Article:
Malaysia: Six activists being detained under Malaysian Emergency Ordinance | Letter

Re: Six activists being detained under Malaysian Emergency Ordinance

To: Prime Minister, Dato’ Sri Mohd Najib Tun Abdul Razuk; Minister of Home Affairs, Datuk Seri Hishammudin Hussein; Inspector General of Police, Tan Sri Ismail Omar

From: Vicheka Lay, Member, LRWC

Date: 2011-07-13

Lawyers’ Rights Watch Canada (LRWC) is deeply concerned to learn that six advocates for electoral reform have been detained without charge in an undisclosed location with limited access to legal counsel by the Malaysian government under its Emergency Ordinance (Public Order and Prevention of Crime) 1969 (Emergency Ordinance). LRWC fears that the secrecy surrounding their detention places them at risk of torture and other physical and psychological maltreatment.

The six detainees, including Dr. Jeyakumar Devaraj who is a member of parliament, hold positions in the Malaysian Socialist Party (PSM). They were arrested in Penang on June 25, 2011, while traveling to an event for the Coalition for Clean and Fair Elections, which government authorities banned as an illegal organization on July 2, 2011. Twenty four other people were arrested alongside them.

LRWC believes that the government is using the Emergency Ordinance to arbitrarily arrest and imprison these people in order to stifle their attempts to peacefully advocate for reform, thereby denying their internationally recognized rights to liberty, freedom of expression and freedom to criticize government. The arrest and detention of these people signals a worsening of the already-grim human rights situation in Malaysia.

According to Human Rights Watch’s (HRW) 2006 Annual Report, the Malaysian government has a history of deploying the Emergency Ordinance, proclaimed as a temporary emergency measure 16 May 1969, to arbitrarily arrest and imprison people:

“The Malaysian government has locked away more than 700 individuals at the Simpang Renggam Behavioural Rehabilitation Centre…in Johor. Some have already been detained for more than eight years. None know when they will be released. They are incarcerated not because they were found guilty of a crime and sentenced by a court of law. Instead, they are detained by executive fiat in violation of international and Malaysian law.”

LRWC endorses Amnesty International’s statement that, “the Emergency Ordinance violates human rights, as set out in the Universal Declaration of Human Rights. These include the right to liberty, the right to a fair and public trial and the right to be presumed innocent.”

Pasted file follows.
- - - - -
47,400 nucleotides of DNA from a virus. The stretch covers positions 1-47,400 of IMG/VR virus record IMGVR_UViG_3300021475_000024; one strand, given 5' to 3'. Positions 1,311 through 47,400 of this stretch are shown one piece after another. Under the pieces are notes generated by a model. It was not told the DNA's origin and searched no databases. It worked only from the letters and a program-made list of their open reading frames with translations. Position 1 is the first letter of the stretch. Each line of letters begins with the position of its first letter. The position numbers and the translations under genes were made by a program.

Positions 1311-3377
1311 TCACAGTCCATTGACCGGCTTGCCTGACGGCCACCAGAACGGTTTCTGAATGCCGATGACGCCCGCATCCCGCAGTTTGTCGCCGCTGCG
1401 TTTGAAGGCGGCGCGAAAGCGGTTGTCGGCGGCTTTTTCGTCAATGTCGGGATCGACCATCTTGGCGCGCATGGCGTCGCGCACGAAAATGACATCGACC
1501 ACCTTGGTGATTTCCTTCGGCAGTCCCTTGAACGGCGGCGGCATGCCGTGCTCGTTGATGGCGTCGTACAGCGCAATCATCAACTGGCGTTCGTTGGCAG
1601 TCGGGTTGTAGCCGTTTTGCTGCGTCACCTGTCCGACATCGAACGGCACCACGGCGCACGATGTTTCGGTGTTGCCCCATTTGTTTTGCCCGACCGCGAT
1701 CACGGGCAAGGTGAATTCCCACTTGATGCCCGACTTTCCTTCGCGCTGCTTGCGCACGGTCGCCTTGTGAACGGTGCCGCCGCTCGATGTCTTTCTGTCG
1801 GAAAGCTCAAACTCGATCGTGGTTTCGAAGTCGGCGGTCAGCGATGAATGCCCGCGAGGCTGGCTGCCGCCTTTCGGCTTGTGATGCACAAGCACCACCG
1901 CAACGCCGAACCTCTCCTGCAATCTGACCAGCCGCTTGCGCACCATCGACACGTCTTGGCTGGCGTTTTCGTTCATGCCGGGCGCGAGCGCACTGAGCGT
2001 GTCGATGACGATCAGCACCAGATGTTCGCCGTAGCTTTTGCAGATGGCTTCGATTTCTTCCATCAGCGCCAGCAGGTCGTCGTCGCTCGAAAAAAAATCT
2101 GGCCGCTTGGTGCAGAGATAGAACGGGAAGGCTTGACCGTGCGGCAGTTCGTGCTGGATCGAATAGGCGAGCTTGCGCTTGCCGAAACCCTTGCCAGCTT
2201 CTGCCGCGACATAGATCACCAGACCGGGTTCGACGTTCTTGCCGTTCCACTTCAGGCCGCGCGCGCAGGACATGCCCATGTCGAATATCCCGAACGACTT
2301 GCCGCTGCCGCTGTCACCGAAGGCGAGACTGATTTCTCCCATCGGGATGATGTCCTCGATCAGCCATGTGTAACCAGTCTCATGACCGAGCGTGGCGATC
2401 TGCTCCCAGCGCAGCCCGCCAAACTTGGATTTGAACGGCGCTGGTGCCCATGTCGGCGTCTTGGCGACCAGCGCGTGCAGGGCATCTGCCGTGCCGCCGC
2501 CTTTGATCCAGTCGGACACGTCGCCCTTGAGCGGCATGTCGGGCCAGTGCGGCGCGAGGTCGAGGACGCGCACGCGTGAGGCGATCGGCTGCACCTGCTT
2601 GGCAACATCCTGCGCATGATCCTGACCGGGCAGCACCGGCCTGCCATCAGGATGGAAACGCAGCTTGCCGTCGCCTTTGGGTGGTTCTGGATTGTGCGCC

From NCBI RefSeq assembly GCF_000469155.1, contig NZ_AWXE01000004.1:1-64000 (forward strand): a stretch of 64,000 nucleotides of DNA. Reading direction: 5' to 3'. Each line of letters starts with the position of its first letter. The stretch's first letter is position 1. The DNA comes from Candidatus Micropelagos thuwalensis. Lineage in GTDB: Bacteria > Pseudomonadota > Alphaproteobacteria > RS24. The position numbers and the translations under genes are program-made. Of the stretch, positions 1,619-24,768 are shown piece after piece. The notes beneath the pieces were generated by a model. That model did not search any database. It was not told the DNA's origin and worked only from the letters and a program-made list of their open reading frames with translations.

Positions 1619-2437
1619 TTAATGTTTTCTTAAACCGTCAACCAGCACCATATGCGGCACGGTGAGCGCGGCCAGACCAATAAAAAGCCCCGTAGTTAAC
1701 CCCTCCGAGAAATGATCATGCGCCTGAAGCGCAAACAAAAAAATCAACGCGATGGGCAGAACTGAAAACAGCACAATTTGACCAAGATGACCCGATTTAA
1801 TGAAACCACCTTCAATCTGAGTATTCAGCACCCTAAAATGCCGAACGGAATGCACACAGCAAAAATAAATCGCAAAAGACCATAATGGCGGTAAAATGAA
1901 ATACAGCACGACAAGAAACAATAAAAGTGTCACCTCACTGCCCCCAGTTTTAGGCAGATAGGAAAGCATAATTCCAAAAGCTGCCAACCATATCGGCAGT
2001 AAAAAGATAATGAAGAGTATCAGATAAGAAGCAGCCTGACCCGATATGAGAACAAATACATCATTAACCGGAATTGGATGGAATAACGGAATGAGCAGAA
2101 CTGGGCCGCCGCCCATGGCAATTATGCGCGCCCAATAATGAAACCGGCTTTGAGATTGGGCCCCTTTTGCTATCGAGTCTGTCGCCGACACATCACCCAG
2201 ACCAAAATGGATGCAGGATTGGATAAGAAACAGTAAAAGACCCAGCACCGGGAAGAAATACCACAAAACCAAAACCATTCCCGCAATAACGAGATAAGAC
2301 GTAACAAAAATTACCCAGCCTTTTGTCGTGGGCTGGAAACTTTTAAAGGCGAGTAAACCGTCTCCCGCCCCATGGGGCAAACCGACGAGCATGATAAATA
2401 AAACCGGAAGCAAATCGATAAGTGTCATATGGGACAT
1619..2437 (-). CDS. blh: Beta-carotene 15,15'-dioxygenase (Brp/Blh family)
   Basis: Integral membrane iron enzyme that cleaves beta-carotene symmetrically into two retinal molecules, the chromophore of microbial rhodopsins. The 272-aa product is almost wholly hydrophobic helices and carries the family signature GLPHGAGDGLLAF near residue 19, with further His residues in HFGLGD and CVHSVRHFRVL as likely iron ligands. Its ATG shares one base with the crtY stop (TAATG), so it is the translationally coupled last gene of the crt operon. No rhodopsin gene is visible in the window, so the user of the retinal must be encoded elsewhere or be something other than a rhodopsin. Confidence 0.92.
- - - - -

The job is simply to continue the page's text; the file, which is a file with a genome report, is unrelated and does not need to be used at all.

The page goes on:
LRWC is also alarmed by the refusal to provide the detainees with access to legal counsel, as required by customary international law, in a timely manner. The United Nation’s Basic Principles on the Role of Lawyers requires states to ensure that access to legal counsel by detained persons is prompt, confidential and free from interference. Article 8, states as follows:

All arrested, detained or imprisoned persons shall be provided with adequate opportunities, time and facilities to be visited by and to communicate and consult with a lawyer, without delay, interception or censorship and in full confidentiality. Such consultations may be within sight, but not within the hearing, of law enforcement officials. (emphasis added)

The importance of timely access has been confirmed by many tribunals including the European Court of Human Rights (ECtHR) In the case of Magge v UK, the ECtHR determined that denial of access to a lawyer for a period of 48 hours constituted a violation of Article 6 (fair trail rights) of the European Convention on Human Rights:

In the Court’s opinion, to deny access to a lawyer for such a long period [48 hours] and in a situation where the rights of the defence were irretrievably prejudiced is – whatever the justification for such denial – incompatible with the rights of the accused under Article 6 [fair trial rights].

The six detainees were denied access to counsel for a period of almost two weeks, and were then granted only fifteen minutes with their respective legal representatives. It is reasonable to conclude that, when charges are laid, the detainees’ right to defend the charges will have been irretrievably prejudiced because of the failure to allow them timely access to counsel.

LRWC call on the Government of Malaysia to:

  • Immediately release the six detainees under conditions that accord with the internationally protected rights of the detainees to liberty, the presumption of innocence, freedom from arbitrary detention and fair trial rights; and,
  • Guarantee that the six detainees will not be tortured or otherwise ill-treated; and,
  • Disclose the locations of the detainees during their imprisonment; and,
  • Ensure the six detainees have confidential access to lawyers of their choice, their families, and an independent court, as well as any medical attention they may require.

LRWC urges you to ensure respect for internationally protected rights in Malaysia, including rights to liberty, freedom of expression, freedom to criticize government, rights to counsel, freedom from torture and other cruel, inhuman or degrading treatment or punishment and fair trial rights, including timely access to a competent tribunal to contest the legality of detention.. These rights are universally accepted as fundamental and universally applicable. LRWC notes that Malaysia is a member of the United Nations and the Commonwealth and that both the UN and the Commonwealth have confirmed the duty of states to safeguard these rights.

LRWC will continue to monitoring this situation, and looks forward to your response. Thank you for your attention to our concerns.